Sorry, you need to enable JavaScript to visit this website.

Market Snapshot, Noon CT (VIP) -- April 18, 2013

12:02PM Apr 18, 2013

Corn futures have reversed early gains to trade 9 to 13 cents lower in old-crop contracts, while new-crop is mostly 3 to 4 cents lower.

  • Early gains in the corn market have given way to profit-taking.
  • Pressure on corn futures signals the market is not yet overly concerned about the likelihood of planting delays and lower corn acres due to persistent cold, wet weather. Rather, they are focused on the long-term benefits to the soil.
  • Plus, Gulf basis slid 5 cents for April delivery and a penny for May delivery at midday, signaling increased farmer selling and/or limited export demand.
  • Weekly export sales of 400,300 MT for 2012-13 and 16,900 MT for 2013-14 met expectations.
  • The Climate Prediction Center's outlook for May calls for above-normal temps in the southwest area of the Corn Belt while most of the eastern Belt is forecast to have below-normal rain changes.
  • Strategie Grains raised its 2013-14 corn production peg for the European Union by 500,000 MT to 64.6 MMT.


Soybean futures are mostly 1 to 8 cents higher at midday, with nearbys leading gains.

  • Soybean futures are benefiting from reminders of solid demand for U.S. beans.
  • USDA this morning announced China bought 252,000 MT of U.S. beans for 2013-14.
  • And Gulf soybean basis rose 5 cents for immediate delivery this morning and 10 cents for May delivery at midday. This signals more export demand news is likely ahead.
  • Weekly export sales of 339,400 MT for 2012-13 and 227,400 MT for 2013-14 matched expectations and kept the pace of exports well ahead of that needed to meet USDA's export forecast.
  • Gains in new-crop beans are being limited by expectations soybean acreage will easily top USDA's March 28 projection for 77.1 million acres.
  • Cold, wet weather (including snow) will likely encourage some growers, especially in the upper Midwest, to switch corn acres to beans.


Wheat futures have softened to post losses of 3 to 4 cents in Chicago, while Kansas City is favoring the downside in mixed trade and Minneapolis is 9 cents higher in the front-month, while other contracts are narrowly mixed.

  • Spillover from corn has encouraged some profit-taking in the wheat market.
  • But selling interest is being limited by impressive weekly export sales of 552,100 MT for 2012-13 and 1.123 MMT for 2013-14. But the impact of such large sales is considered factored into prices as the market knew China was buying significant tonnage of U.S. wheat.
  • Light support also comes from news Strategie Grains lowered its EU-28 wheat production forecast by 500,000 MT to 131.1 MMT, although that is still up 5% from 2012.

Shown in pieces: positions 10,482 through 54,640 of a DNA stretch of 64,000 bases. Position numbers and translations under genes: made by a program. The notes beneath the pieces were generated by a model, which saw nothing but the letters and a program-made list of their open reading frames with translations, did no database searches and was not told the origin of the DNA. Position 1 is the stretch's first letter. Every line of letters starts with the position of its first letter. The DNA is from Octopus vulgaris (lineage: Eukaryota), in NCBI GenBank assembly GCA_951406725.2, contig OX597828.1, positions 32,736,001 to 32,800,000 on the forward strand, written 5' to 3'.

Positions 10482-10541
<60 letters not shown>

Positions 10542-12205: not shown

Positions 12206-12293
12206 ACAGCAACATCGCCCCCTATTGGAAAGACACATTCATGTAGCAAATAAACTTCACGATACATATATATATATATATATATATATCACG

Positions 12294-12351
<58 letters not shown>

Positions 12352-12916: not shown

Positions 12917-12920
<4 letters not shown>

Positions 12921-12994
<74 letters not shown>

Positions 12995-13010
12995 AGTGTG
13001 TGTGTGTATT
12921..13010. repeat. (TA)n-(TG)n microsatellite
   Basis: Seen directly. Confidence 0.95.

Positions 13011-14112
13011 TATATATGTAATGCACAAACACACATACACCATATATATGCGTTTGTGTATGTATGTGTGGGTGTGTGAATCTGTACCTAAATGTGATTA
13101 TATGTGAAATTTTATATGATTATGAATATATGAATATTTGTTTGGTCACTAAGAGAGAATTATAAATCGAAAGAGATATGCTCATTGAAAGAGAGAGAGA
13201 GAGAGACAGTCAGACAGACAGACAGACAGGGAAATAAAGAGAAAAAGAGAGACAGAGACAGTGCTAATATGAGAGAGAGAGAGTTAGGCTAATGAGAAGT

• Minneapolis wheat is benefiting from cold and wet conditions that continue to delay spring wheat planting.
  • Meanwhile, selling interest in Chicago and Kansas City is being limited by freeze chances for the Central and Southern Plains tonight.


Live cattle futures continue to see choppy trade with nearbys favoring the downside. Feeder cattle futures are posting slight to moderate losses.

  • Traders are not convinced that beef demand is on the mend, especially considering the forecast for cold, wet weather.
  • This morning, Choice boxed beef values fell 44 cents and Select declined 11 cents; movement was relatively strong however, at 122 loads.
  • So far this week, just very light cash cattle trade has taken place at $125 Monday and Wednesday, which is down $2 from the week prior.
  • Today's decline in boxed beef prices along with higher showlist estimates could make it tough for feedlots to improve on cash prices early this week.
  • Weekly beef exports sales did rise notably from last week to 16,800 MT.
  • Traders are also beginning to ready positions for Friday's Cattle on Feed Report. Pre-report expectations are for On Feed to come in at 93.9% of year-ago, Placements at 99.1% and Marketings at 93.5% of last year.


Lean hog futures have improved to post slight to moderate gains in most contracts.

  • A weaker U.S. dollar continues to support light short-covering in the lean hog market.
  • Traders are encouraged by recent signs that pork demand is improving. The pork cutout value rose 99 cents this morning on solid movement of 226.9 loads. The pork cutout value has risen every day this week and movement has picked up.
  • Gains in the pork market have pulled packer profit margins solidly into the black. But as most are well supplied for the week, they are keeping bids steady today.
  • The fact that traders are comfortable leaving and even extending the $6.50-plus premium the front-month holds to the cash hog index signals the market expects pork strength to soon give the cash market a lift -- especially as supplies are expected to tighten soon.